Robin9

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Many thanks for your assessment.

I already have the Eureka U. K. BRD and am quite pleased with it, but as this Universal disc is even better I'll buy that as well.

I know many people grumble about the slow pace of films being released on Blu-ray, but in some respects we're living in exciting times.
 

Robert Crawford

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Craig Beam said:
I had no intention of buying this, since I own the MoC release... but clearly I'll have to.
Yes, the black levels and shadow detail are much better with the Universal release than the MOC which is even more striking due to how the movie was filmed with so much shadow and darkness a part of the film's mood.
 

Robert Harris

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Robert Crawford said:
Yes, the black levels and shadow detail are much better with the Universal release than the MOC which is even more striking due to how the movie was filmed with so much shadow and darkness a part of the film's mood.
MOC did the best possible with an older master, which actually looks far better than it should.RAH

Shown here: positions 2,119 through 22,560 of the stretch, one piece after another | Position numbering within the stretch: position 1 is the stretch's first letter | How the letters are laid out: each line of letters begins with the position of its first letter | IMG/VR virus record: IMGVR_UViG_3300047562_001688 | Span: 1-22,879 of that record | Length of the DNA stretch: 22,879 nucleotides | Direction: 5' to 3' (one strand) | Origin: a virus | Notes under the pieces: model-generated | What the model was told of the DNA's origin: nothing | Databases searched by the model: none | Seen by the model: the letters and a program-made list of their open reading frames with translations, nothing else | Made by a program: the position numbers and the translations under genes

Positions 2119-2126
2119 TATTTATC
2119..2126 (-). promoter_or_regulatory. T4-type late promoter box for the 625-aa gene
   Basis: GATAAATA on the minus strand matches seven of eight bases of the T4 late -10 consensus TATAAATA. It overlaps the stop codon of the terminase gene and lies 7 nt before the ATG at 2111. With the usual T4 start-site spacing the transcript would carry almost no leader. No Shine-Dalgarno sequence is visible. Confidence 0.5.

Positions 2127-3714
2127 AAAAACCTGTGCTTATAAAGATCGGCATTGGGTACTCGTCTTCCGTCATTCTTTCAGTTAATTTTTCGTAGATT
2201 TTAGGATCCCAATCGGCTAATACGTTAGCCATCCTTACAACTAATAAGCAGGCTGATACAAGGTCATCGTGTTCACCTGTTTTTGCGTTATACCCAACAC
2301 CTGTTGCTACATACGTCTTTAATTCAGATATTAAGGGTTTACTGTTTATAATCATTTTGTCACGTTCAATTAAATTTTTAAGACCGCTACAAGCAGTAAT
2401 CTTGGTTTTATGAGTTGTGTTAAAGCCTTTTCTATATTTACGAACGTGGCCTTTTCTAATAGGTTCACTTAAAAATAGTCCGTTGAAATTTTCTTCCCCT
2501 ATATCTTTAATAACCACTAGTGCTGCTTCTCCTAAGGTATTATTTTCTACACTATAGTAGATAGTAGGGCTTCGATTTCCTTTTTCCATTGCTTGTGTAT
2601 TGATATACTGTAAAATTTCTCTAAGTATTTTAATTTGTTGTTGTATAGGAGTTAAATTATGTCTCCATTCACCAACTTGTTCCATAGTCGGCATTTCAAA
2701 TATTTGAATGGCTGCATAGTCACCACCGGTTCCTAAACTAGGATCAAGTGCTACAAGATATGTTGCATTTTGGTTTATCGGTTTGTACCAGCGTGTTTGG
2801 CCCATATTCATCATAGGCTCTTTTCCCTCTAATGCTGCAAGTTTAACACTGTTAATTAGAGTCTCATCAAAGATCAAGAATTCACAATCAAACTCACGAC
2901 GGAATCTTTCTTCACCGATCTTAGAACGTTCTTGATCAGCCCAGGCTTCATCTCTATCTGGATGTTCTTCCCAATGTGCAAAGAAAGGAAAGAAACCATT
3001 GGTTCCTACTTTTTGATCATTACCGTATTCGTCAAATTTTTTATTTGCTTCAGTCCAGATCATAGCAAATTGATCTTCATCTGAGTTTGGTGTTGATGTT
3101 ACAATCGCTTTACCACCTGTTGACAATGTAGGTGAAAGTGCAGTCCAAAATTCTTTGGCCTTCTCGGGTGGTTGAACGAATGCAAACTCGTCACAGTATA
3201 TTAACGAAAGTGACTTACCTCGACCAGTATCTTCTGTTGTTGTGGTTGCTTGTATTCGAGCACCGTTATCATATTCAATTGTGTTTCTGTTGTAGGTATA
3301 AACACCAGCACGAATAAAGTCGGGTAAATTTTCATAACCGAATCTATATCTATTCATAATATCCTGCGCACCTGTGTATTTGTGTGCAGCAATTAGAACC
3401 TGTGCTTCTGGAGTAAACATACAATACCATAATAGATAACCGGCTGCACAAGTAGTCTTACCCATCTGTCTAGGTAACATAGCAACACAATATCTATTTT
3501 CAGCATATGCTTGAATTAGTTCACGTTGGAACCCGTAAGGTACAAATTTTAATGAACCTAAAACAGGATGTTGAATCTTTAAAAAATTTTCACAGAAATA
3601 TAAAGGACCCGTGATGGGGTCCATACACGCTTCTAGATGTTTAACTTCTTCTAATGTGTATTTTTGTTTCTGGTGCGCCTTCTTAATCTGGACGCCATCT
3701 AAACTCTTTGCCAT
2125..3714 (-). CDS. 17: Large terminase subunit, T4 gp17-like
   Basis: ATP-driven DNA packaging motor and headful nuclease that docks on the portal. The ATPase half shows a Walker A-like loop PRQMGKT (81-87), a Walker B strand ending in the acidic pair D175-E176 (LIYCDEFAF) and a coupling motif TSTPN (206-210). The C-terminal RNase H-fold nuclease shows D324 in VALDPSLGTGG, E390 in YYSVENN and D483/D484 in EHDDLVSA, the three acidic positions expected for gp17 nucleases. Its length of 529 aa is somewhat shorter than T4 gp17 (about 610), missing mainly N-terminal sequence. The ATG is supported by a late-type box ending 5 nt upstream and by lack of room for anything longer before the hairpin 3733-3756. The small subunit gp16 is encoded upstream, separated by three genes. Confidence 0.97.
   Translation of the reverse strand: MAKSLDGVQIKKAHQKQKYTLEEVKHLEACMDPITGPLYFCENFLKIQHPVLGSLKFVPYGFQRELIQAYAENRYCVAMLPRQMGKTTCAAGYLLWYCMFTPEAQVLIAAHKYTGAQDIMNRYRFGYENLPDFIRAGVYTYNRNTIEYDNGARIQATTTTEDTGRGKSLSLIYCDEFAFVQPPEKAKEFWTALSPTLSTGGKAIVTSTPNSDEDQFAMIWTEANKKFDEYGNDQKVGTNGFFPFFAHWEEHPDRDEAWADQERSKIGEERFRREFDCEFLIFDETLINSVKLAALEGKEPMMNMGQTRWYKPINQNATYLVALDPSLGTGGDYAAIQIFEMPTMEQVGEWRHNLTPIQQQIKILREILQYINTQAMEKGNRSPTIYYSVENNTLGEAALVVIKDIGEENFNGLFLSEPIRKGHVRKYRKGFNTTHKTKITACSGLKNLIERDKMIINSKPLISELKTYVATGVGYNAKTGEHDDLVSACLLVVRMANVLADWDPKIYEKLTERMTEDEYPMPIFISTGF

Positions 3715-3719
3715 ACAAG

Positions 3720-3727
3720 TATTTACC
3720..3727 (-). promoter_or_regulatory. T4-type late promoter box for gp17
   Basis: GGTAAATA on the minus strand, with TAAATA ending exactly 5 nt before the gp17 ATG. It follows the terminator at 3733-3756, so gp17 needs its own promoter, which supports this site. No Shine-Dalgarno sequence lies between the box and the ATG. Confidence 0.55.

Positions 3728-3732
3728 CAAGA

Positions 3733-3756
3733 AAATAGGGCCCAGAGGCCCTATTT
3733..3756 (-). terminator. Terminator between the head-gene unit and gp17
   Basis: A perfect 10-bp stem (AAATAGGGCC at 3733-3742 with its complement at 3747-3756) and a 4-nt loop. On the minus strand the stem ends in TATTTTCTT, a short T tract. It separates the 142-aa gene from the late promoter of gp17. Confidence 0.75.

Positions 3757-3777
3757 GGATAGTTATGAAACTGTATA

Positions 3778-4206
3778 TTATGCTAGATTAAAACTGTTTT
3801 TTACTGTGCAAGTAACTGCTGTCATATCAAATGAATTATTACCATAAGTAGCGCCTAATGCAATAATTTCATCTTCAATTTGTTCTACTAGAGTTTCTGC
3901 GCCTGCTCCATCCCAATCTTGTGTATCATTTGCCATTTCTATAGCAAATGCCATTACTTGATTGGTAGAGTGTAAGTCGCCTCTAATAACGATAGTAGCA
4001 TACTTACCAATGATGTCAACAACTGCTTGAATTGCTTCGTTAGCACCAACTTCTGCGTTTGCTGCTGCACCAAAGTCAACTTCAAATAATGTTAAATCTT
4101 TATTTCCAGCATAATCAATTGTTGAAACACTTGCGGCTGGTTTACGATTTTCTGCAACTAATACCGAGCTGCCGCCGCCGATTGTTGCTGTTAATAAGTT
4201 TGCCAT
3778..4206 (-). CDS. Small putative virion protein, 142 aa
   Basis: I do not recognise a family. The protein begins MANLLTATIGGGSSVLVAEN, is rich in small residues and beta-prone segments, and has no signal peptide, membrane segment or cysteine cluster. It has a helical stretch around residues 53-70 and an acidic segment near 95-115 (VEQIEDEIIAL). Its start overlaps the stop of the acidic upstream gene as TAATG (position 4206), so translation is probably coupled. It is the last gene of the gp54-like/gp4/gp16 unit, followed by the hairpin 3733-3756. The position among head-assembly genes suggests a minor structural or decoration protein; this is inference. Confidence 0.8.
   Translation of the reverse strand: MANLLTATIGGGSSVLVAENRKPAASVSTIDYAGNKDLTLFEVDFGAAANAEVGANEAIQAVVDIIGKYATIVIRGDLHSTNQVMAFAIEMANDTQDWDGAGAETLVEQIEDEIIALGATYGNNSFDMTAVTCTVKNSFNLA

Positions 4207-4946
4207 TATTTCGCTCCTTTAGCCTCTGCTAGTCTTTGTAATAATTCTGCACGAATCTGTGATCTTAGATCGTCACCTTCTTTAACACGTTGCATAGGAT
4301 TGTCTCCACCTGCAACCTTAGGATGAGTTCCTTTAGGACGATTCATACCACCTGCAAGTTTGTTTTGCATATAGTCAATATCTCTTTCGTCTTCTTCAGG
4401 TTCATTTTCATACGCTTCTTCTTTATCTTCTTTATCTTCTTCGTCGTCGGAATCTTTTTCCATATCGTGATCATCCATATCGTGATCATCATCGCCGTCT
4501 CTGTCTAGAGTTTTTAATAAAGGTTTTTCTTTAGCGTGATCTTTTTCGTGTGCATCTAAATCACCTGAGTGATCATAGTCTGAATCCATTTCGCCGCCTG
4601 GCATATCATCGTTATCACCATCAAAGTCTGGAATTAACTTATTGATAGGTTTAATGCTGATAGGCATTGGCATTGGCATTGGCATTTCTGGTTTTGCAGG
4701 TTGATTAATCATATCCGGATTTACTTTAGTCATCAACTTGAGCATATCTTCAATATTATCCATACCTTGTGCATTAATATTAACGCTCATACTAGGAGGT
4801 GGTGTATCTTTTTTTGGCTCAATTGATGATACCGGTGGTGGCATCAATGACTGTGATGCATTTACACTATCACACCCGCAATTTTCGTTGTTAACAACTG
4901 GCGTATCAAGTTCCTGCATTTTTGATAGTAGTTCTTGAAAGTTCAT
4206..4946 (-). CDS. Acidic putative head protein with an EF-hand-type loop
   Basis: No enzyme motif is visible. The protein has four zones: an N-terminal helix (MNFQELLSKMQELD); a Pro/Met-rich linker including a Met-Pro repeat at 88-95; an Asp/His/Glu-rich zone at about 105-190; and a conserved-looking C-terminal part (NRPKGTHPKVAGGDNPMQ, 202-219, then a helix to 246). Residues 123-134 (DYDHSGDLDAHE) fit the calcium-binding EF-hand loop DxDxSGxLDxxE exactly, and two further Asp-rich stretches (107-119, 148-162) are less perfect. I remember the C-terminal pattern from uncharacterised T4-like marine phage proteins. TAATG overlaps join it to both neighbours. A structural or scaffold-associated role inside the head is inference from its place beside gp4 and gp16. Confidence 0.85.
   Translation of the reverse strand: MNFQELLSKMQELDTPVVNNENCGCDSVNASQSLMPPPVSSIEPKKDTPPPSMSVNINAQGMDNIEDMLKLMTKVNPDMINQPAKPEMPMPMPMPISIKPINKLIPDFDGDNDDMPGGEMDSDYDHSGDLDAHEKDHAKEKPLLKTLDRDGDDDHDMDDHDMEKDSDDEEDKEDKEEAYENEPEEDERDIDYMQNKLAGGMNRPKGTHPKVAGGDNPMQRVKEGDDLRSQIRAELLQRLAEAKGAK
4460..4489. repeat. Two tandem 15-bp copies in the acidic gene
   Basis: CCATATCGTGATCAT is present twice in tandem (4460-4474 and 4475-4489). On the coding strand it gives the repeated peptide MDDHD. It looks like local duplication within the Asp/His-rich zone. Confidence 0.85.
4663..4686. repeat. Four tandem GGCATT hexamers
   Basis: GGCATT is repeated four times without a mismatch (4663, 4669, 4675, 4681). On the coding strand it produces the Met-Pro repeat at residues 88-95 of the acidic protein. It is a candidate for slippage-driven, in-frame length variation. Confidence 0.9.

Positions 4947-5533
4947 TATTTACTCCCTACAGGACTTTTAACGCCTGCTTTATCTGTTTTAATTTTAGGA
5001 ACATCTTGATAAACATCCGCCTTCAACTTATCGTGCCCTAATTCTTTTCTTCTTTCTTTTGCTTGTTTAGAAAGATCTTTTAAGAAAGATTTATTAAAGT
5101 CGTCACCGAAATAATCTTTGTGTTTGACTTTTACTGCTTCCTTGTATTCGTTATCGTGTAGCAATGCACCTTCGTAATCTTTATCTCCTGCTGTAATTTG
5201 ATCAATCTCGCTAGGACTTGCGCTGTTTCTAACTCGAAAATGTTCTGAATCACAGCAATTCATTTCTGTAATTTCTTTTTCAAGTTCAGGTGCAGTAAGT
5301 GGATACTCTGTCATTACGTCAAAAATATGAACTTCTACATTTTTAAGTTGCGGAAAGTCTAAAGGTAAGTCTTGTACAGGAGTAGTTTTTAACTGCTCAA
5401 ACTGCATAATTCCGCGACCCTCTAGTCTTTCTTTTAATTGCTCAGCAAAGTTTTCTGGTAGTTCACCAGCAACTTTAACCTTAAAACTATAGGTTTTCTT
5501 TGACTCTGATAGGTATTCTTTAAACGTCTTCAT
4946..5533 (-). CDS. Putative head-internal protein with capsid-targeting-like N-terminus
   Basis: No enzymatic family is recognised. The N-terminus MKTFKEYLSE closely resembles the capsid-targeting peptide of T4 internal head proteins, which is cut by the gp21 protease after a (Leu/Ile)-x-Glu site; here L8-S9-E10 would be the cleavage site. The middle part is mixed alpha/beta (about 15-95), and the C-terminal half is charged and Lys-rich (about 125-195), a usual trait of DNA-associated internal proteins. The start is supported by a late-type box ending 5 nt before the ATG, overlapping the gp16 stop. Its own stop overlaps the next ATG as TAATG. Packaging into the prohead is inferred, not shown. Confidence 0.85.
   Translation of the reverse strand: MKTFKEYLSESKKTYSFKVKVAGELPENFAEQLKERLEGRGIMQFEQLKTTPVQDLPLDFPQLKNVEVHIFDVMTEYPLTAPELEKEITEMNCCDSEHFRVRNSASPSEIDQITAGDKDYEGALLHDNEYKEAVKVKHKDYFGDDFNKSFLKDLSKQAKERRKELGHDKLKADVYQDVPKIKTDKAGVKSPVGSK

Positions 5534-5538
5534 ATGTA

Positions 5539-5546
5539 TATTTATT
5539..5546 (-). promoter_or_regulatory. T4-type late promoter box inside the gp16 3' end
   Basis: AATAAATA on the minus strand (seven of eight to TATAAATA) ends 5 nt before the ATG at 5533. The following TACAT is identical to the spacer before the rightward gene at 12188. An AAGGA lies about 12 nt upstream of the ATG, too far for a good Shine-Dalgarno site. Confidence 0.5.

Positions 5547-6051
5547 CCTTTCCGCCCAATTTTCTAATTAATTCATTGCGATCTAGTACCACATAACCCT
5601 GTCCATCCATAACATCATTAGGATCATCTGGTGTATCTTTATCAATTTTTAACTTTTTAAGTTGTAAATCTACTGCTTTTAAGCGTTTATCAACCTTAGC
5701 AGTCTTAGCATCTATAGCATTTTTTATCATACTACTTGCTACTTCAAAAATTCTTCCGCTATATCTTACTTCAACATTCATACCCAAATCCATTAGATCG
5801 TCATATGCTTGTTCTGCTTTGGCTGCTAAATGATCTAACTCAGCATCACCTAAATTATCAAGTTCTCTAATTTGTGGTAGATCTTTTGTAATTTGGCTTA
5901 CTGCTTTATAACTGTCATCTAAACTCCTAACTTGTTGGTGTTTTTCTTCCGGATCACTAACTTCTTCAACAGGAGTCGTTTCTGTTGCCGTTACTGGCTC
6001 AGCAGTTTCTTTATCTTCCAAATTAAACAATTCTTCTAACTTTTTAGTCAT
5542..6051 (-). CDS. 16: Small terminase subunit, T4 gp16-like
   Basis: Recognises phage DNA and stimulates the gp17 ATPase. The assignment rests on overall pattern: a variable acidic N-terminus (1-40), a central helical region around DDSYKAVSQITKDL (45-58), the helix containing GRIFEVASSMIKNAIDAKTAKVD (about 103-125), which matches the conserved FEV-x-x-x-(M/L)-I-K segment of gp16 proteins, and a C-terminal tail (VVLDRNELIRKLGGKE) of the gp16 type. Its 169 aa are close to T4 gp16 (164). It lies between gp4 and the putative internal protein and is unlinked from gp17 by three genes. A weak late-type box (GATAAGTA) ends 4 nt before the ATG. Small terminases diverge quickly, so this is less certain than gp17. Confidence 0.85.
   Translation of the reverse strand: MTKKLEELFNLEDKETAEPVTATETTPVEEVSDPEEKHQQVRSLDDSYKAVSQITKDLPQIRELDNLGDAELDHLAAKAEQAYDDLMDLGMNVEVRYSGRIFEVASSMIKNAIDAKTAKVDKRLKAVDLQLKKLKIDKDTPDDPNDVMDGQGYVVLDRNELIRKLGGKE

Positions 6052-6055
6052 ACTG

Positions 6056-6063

Robert Crawford

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Robert Harris said:
MOC did the best possible with an older master, which actually looks far better than it should.RAH
I'm not saying otherwise as I'm just stating my uneducated observations between the two discs.

By the way, I tried listening to the audio commentary with Nick Redman and Lou Dobbs. Let's just say I gave up and will try again at a later time. I do agree with Mr. Dobbs on one thing, that blonde wig was a mistake to me. I imagine others will disagree and buy Wilder's assertion that the cheap wig signify her lack of character.
 

Robert Crawford

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Another thing, people complain about the Oscars today, but how did Going My Way win best screenplay over Double Indemnity? Same can be argued about Best Picture and Director, but the quality of the screenplays aren't even in the same ballpark.
 

Mark-P

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Robert Crawford said:
Another thing, people complain about the Oscars today, but how did Going My Way win best screenplay over Double Indemnity? Same can be argued about Best Picture and Director, but the quality of the screenplays aren't even in the same ballpark.